Pakistan, who in turn remained in power until the early centuries C.E. The Bactrian
Greeks eventually converted to Hinduism and their language disappeared. However as of
about 200 C.E. they still existed as an identifiable group. These are the Yavanas of the

Still later the historian Kay mentions Hindu records from the 4th and 5th
Centuries C.E. of a new Sun God cult coming in from the West. Given that Christianity
displaced the worship of Sol Invictus, the Unconquered Sun, it is tempting to postulate
that Hindu astrology received a second burst of input from a new group of Yavanas
fleeing Christian persecution in the West.

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The central problem is how much of Hindu astrology is indigenous and how much
comes from the West. Other than the few suggestions I have made here, this is not the
place to attempt an answer. In any case it is very clear that whatever the Hindus got from
the West they did not just take and passively apply. They altered, modified, and quite
possibly improved whatever they may have received from the West and combined it with
their own native traditions.

There is one other consequence of the Parthian separation. The Persian peoples
had always been enthusiastic astrologers. It seems logical to conclude that they must have
developed their own traditions from the astrology that they had inherited from the
Mesopotamians and the Greeks. Then in 227 C.E. they were overthrown by the Sassanid
Persians who would have continued the development of the Persian traditions of
astrology. Unfortunately when the Arabs came, almost all of the literature of the
Zoroastrian Sassanids was destroyed. This includes their astrological works. However we
do have a strong clue as to what their astrology must have been like. Most of the greatest
astrologers in the Arab era were Persians! And the astrology they taught is quite different
from both the Hindu and the Greek. It had orbs of aspect, the Great Cycles of Jupiter and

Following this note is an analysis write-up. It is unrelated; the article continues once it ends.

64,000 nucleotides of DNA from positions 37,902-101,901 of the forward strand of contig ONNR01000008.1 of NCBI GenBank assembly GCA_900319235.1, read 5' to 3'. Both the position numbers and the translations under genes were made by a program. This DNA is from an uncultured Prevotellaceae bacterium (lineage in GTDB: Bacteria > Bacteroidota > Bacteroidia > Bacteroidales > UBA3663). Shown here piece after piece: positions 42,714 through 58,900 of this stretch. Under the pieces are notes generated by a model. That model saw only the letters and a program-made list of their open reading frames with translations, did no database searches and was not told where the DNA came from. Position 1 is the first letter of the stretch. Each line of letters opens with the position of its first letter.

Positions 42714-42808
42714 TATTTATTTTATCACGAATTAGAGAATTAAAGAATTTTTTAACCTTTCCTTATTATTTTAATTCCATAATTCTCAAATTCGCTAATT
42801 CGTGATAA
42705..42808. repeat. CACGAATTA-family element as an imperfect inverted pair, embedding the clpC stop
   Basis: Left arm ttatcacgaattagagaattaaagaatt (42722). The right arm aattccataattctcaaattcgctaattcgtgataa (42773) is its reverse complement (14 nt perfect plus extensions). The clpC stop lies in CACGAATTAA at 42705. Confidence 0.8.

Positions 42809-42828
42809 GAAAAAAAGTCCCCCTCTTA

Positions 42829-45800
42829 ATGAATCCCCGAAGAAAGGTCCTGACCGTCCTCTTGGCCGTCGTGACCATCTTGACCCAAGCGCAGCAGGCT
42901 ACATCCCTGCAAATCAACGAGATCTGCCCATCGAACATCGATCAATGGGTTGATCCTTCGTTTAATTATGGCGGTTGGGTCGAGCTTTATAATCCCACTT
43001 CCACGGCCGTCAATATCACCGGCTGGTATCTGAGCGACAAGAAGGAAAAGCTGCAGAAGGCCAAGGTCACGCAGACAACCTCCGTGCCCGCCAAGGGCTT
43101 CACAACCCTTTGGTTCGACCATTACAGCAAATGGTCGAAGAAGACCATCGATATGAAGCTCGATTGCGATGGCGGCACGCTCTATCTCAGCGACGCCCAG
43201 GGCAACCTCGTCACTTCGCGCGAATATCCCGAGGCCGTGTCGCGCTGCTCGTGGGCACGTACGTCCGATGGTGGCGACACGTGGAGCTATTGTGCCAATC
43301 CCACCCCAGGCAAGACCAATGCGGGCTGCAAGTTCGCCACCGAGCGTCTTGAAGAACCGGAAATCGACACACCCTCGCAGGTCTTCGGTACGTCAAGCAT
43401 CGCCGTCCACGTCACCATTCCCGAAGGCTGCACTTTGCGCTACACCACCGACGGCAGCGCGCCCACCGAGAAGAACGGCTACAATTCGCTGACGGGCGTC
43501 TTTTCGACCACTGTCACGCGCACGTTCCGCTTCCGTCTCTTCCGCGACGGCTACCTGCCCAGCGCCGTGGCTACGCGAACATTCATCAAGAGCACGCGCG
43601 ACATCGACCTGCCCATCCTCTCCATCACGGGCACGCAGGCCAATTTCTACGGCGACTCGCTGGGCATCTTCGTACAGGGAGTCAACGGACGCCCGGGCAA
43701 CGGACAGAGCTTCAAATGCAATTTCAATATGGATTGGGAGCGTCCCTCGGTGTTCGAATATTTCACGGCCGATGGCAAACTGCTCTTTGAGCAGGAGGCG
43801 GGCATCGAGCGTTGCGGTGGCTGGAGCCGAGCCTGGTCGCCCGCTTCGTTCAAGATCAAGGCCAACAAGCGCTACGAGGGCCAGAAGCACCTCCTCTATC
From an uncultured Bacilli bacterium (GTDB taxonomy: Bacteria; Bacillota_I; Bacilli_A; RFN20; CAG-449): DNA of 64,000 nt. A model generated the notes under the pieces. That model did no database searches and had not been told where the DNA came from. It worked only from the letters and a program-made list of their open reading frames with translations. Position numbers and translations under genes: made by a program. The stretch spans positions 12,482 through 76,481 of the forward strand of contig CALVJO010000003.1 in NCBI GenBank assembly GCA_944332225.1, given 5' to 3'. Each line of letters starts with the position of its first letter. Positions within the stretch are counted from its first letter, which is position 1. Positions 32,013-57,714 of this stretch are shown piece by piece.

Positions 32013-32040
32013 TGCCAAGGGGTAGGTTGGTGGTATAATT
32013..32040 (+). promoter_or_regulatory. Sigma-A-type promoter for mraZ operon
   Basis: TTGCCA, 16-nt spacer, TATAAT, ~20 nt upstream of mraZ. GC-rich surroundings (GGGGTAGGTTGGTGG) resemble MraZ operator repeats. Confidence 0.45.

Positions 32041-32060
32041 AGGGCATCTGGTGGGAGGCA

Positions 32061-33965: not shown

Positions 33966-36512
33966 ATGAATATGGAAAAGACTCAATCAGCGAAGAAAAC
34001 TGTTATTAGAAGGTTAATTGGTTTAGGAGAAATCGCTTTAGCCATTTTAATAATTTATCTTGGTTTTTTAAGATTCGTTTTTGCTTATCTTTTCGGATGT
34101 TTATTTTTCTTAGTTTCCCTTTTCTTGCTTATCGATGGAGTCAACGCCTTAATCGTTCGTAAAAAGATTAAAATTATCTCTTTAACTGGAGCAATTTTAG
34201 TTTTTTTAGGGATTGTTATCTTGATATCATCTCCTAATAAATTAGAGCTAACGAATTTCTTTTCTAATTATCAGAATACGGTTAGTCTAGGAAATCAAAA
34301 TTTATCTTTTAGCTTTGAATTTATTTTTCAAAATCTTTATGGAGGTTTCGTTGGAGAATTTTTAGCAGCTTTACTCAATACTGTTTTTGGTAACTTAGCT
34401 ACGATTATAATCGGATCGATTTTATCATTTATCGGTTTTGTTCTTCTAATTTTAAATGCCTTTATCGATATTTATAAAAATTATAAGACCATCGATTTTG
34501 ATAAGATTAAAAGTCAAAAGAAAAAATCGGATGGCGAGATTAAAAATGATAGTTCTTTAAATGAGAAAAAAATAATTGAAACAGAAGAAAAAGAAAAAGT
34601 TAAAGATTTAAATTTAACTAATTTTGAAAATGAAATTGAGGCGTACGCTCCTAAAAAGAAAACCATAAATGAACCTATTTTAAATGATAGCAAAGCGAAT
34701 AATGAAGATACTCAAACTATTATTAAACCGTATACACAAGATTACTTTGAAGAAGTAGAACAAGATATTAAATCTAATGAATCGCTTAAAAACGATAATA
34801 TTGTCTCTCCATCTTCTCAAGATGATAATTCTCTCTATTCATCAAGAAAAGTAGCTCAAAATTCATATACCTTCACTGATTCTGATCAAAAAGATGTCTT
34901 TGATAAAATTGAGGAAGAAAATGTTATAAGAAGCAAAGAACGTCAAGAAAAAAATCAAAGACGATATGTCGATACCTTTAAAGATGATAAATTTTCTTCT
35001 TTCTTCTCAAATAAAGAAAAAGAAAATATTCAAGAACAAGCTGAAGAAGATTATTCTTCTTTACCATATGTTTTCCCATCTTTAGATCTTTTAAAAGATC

Saturn, all of the elaborate systems of planetary interactions such as Refrenation,
Frustration, Abscission of Light, Translation of Light and so forth. While Arab era
astrology clearly owes a large debt to Hellenistic astrology, it is also clear that in the two
or three centuries between the last known Hellenistic astrologers and the first known
Arab era ones, something new had come into the stream. This could have been, and
probably was the Persian stream of astrology. And Arab era astrology is the immediate
ancestor of the Western astrology of today. Our astrology may be in fact the successor to
that third stream of ancient astrologies.

A Final Note on Zodiacs

We have mentioned previously in this essay that the first Babylonian birthcharts
were cast in the sidereal zodiac. (See our article On the Invariance of the Tropical Zodiac
Also it has been traditional for Hindu astrologers to use one or another sidereal zodiac.
This whole matter is as controversial as the issue of the indebtedness or lack thereof of
Hindu astrology to Middle Eastern astrology. But there is not enough space in this essay
to go into the matter at this time. In previous writings (in Project Hindsight) we have
stated that the zodiac did not seem to be an issue of great import to the ancients. We still
hold that position. But at some point in a future introductory essay we will go into that
matter in some depth. For the moment it will have to suffice to say that the matter is far
from closed in favor of either zodiac.

Robert Hand began his work in astrology at the age of 17. The Hand family was locally
known for its work in astrology, science and history. Rob learned the basics of casting
charts from his father, Wilfred Hand, who successfully applied the astrological
techniques of his day to forecasting the stock market. Rob is an graduate from Brandeis
University, with honors in history, and went on for graduate work in the History of

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Science at Princeton. He is currently studying at Catholic University for his Ph.D. in
medieval history.

Rob began an astrology practice in 1972 and was one of the first programmers to write
astrology programs for microcomputers to bring the benefits of fast and accurate
calculations to astrologers. From this effort, he founded Astro-Graphics Services in
1979, which later became Astrolabe, Inc., a software company devoted solely to the
needs of astrologers.

The Hand Library now houses the original texts and translations of over two dozen
ancient and medieval astrologers, philosophers and scientists. Rob’s major books to date
include: Planets in Transit: Life Cycles for Living, Planets in Composite: Analyzing
Human Relationships, Planets in Youth: Patterns of Early Development, Essays on
Astrology and Night and Day: Planetary Sect in Astrology. These books can be
purchased at your local bookstore or through Arhat Publications.

Mr. Hand is a member of NCGR, AFAN, ISAR, the Astrological Lodge, the Astrological
Association of Great Britain, and is a patron of the Faculty of Astrological Studies. Rob
lectures in conferences, seminars and workshops worldwide. He offers professional
astrological services to astrologers and the general public. In his professional practice
Rob uses tropical, heliocentric, sidereal, uranian, cosmobiological and in mundo
techniques with ancient and mediaeval methods. He can be reached at 703-758-7150. US
country code 01. You can also email for an appointment to His web
sites are and